Color Mimicking Technology May Help Banks Cash In On Butterflies For Bank Notes

Butterflies, peacocks and even beetles have long been wearing colors far beyond the grasp of even the European fashion industry. With their iridescent wings, carapaces and feathers, these fashionistas of the insect and animal kingdom have long rubbed our noses in the fact that they're prettier than we are. Now, thanks to research done at the University of Cambridge, these colors can be duplicated, and may lead to advancements in bank note security, along with ever-more dramatic seasons of "Project Runway".

 By studying the Indonesian Peacock and Swallowtail butterfly, Mathias Kolle, along with Professor Jeremy Baumberg and Professor Ullrich Steiner of the University of Cambridge, were able to determine that the colors on these creatures are not produced by pigments, but rather by the way light bounces off of structures in their wings and feathers.

 These microscopic concave depressions, which resemble the inside of an egg carton, are part cuticle and part air, allowing light to undergo a number of interesting refractory changes as it hits the surface, and producing a shiny and vibrant color as a result.

Electron Microscope Image of Concave Microstructures.: Or, what makes stuff pretty.Electron Microscope Image of Concave Microstructures.: Or, what makes stuff pretty.

Using the awesome-sounding process of nanafabriction, the team was able to replicate a surface structure that had the same coloring as the tropical butterfly's wings. While nature is still better at it than we are, industrious humans have a wealth of artificial compounds which aid in making the creation of these color structures a great deal easier.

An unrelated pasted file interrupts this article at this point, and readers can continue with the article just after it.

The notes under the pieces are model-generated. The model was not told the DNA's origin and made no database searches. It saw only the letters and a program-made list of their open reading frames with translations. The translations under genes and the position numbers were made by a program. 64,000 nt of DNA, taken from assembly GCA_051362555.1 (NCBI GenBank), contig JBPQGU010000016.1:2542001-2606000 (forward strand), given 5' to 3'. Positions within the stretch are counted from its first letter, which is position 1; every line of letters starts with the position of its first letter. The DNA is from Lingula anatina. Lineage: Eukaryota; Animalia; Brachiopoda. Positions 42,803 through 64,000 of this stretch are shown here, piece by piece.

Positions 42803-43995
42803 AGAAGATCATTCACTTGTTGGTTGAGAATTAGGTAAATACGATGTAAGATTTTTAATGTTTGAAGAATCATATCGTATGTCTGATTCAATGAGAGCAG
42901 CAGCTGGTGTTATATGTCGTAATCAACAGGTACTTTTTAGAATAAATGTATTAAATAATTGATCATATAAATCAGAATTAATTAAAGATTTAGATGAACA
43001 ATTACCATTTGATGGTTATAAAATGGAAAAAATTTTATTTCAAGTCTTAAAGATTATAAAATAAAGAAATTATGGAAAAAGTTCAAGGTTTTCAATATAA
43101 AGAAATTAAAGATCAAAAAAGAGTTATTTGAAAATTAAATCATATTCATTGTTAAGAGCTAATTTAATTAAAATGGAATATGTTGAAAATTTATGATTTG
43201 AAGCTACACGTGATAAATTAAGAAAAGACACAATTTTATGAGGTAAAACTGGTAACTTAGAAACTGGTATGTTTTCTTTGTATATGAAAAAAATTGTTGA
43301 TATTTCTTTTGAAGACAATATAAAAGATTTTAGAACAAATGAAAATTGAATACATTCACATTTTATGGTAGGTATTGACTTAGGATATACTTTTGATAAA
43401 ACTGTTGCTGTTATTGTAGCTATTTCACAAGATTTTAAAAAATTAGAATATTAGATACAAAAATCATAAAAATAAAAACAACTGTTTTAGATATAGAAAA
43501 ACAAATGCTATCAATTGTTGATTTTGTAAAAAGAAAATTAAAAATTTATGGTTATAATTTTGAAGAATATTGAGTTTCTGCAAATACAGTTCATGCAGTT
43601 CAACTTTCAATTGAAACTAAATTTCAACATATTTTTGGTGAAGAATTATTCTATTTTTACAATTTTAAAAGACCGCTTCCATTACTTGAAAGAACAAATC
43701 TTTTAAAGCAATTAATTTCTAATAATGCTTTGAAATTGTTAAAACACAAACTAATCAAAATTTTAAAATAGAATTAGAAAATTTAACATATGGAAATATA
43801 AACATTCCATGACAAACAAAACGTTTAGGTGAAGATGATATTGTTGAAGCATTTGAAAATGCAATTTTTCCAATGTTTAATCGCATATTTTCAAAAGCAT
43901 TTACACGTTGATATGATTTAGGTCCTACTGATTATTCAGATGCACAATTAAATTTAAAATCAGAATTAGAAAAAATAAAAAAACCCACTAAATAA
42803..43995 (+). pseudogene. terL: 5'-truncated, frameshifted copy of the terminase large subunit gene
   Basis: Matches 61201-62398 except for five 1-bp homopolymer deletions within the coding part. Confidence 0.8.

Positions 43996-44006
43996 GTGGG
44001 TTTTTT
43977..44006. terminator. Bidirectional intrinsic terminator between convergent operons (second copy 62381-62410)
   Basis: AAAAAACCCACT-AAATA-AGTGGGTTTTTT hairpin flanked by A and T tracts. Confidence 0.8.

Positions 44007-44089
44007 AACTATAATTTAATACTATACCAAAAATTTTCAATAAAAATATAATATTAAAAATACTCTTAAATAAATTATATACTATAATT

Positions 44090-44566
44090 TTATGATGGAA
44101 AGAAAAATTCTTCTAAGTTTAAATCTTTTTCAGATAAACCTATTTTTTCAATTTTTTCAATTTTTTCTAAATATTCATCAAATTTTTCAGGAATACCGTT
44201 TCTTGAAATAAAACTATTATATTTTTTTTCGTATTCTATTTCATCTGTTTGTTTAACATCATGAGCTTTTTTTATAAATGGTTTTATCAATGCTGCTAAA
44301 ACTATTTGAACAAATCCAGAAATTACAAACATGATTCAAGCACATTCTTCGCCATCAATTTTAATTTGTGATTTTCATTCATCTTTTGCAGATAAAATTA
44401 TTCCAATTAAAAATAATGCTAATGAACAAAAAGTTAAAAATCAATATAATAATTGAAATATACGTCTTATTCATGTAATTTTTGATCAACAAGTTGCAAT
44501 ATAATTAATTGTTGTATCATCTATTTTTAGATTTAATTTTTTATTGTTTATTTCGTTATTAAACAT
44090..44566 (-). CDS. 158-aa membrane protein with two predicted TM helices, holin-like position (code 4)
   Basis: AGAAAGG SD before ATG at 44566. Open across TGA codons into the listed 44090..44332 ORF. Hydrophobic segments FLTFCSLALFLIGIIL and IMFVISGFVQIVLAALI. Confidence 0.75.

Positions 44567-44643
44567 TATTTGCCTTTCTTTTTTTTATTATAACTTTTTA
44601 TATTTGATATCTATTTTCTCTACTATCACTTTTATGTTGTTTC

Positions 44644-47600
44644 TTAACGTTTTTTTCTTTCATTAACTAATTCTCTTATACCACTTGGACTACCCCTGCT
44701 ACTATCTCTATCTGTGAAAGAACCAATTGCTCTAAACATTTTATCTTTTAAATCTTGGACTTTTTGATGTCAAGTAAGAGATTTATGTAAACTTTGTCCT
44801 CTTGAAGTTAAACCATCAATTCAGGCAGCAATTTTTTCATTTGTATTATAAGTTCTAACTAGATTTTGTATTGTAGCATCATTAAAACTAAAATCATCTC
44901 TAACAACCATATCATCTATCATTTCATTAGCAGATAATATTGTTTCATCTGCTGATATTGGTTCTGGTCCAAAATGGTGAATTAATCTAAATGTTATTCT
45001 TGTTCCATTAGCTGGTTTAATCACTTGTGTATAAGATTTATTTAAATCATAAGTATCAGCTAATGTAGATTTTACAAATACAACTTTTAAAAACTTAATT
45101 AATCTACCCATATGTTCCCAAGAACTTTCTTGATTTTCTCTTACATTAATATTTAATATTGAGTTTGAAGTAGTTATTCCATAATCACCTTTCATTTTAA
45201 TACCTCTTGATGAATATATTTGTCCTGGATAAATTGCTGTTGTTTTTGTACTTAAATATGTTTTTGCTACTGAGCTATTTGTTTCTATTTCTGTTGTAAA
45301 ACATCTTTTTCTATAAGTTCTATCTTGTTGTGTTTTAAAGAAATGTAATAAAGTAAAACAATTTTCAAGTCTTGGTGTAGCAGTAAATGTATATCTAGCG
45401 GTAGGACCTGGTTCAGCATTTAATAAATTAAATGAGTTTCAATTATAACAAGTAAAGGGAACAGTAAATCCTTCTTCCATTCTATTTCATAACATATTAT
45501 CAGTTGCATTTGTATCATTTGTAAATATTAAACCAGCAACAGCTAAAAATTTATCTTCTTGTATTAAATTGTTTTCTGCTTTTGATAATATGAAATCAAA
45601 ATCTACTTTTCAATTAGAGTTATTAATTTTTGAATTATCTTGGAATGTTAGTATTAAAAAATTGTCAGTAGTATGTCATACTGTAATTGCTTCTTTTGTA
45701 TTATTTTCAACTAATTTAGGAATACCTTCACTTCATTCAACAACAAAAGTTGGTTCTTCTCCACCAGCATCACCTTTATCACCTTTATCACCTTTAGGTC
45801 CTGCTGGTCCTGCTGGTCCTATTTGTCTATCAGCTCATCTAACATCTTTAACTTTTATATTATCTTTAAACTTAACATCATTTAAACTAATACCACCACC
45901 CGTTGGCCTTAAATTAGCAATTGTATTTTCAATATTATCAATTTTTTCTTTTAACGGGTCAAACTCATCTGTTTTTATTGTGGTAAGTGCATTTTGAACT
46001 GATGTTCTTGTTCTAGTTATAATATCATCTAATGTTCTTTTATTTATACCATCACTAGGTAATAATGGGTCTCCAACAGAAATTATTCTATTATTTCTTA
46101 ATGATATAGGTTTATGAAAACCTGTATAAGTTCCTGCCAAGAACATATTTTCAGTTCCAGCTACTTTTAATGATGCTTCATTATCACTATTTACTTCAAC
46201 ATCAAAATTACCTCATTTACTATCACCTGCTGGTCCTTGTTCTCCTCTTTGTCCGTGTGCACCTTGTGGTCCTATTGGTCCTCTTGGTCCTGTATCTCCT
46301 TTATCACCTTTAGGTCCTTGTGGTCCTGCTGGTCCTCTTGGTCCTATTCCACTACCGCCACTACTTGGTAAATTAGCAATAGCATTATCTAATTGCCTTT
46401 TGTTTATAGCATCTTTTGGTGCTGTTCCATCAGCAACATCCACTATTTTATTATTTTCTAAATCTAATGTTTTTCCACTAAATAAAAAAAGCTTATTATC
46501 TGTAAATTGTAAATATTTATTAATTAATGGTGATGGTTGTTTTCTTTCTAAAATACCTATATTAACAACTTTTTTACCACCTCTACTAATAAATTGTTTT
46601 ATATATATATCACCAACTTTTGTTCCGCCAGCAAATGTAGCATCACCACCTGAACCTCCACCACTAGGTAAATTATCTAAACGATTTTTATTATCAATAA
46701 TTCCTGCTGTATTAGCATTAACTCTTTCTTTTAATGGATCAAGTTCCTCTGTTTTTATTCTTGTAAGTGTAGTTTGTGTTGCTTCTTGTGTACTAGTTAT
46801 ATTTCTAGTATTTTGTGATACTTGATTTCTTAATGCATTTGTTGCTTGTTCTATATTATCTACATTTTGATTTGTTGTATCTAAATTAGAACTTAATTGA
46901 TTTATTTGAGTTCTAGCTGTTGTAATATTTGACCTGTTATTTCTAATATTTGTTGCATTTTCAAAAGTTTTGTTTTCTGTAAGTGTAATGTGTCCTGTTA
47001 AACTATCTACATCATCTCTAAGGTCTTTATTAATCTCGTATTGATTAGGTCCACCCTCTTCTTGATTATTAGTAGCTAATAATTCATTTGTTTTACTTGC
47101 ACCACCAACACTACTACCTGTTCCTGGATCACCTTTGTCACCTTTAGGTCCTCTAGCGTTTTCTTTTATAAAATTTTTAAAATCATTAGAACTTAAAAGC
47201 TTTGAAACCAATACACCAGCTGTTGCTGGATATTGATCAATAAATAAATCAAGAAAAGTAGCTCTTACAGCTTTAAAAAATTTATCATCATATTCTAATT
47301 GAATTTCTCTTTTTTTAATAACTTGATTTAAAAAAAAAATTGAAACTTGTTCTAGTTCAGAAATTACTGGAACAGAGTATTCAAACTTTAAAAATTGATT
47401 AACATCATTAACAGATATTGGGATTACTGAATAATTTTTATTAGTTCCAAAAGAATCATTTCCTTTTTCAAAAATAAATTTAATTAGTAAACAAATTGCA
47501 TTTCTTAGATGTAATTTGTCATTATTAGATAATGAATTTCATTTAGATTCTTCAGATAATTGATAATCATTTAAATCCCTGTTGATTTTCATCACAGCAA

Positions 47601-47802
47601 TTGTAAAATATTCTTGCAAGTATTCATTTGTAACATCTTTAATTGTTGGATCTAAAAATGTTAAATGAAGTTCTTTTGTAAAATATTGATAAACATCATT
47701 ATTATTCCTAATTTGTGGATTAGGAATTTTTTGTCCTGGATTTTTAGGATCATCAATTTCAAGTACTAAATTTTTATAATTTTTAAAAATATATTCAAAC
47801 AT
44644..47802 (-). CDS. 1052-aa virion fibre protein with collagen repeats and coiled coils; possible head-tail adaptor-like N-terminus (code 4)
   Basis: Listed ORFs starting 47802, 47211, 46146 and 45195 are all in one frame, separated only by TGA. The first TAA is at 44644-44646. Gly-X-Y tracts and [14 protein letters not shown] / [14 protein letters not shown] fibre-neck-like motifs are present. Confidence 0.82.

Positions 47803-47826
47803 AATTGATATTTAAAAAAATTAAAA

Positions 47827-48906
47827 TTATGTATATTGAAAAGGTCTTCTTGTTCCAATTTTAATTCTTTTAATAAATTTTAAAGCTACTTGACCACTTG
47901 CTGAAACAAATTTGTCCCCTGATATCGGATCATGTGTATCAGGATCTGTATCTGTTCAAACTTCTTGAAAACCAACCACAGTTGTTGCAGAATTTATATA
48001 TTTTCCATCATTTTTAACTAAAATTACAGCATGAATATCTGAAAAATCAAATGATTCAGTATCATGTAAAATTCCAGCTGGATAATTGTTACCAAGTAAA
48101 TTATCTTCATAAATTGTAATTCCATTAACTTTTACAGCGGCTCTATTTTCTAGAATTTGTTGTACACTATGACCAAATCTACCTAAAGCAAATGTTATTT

While this is great for science and scientists, who can now raise a glass and cheer at the thrill of discovery and knowledge for the good of mankind, the real question is: can it prevent crime?

The answer? Maybe.

Within the next few years, the hope is to have this color technology adapted for bank note and possibly passport use, making the faking of these items far more difficult unless you happen to have a nanofabrication machine lying around.

Hang, in the back...this looks like...wait. Damn. This is our duonetic coupler. What's this? Oh, just our old arclight spanner. Sorry, no nanofabrication here.

While the useful and practical applications of this process abound, we can only imagine how quickly this will be co-opted for the fashion and even the tattooing world.

Finally, Twi-hards, you can get an Edward Cullen tattoo that really sparkles. Great.

Source: EurkeAlert 

Sep 9, 2010
by Anonymous

thank you! very useful!

thank you! very useful!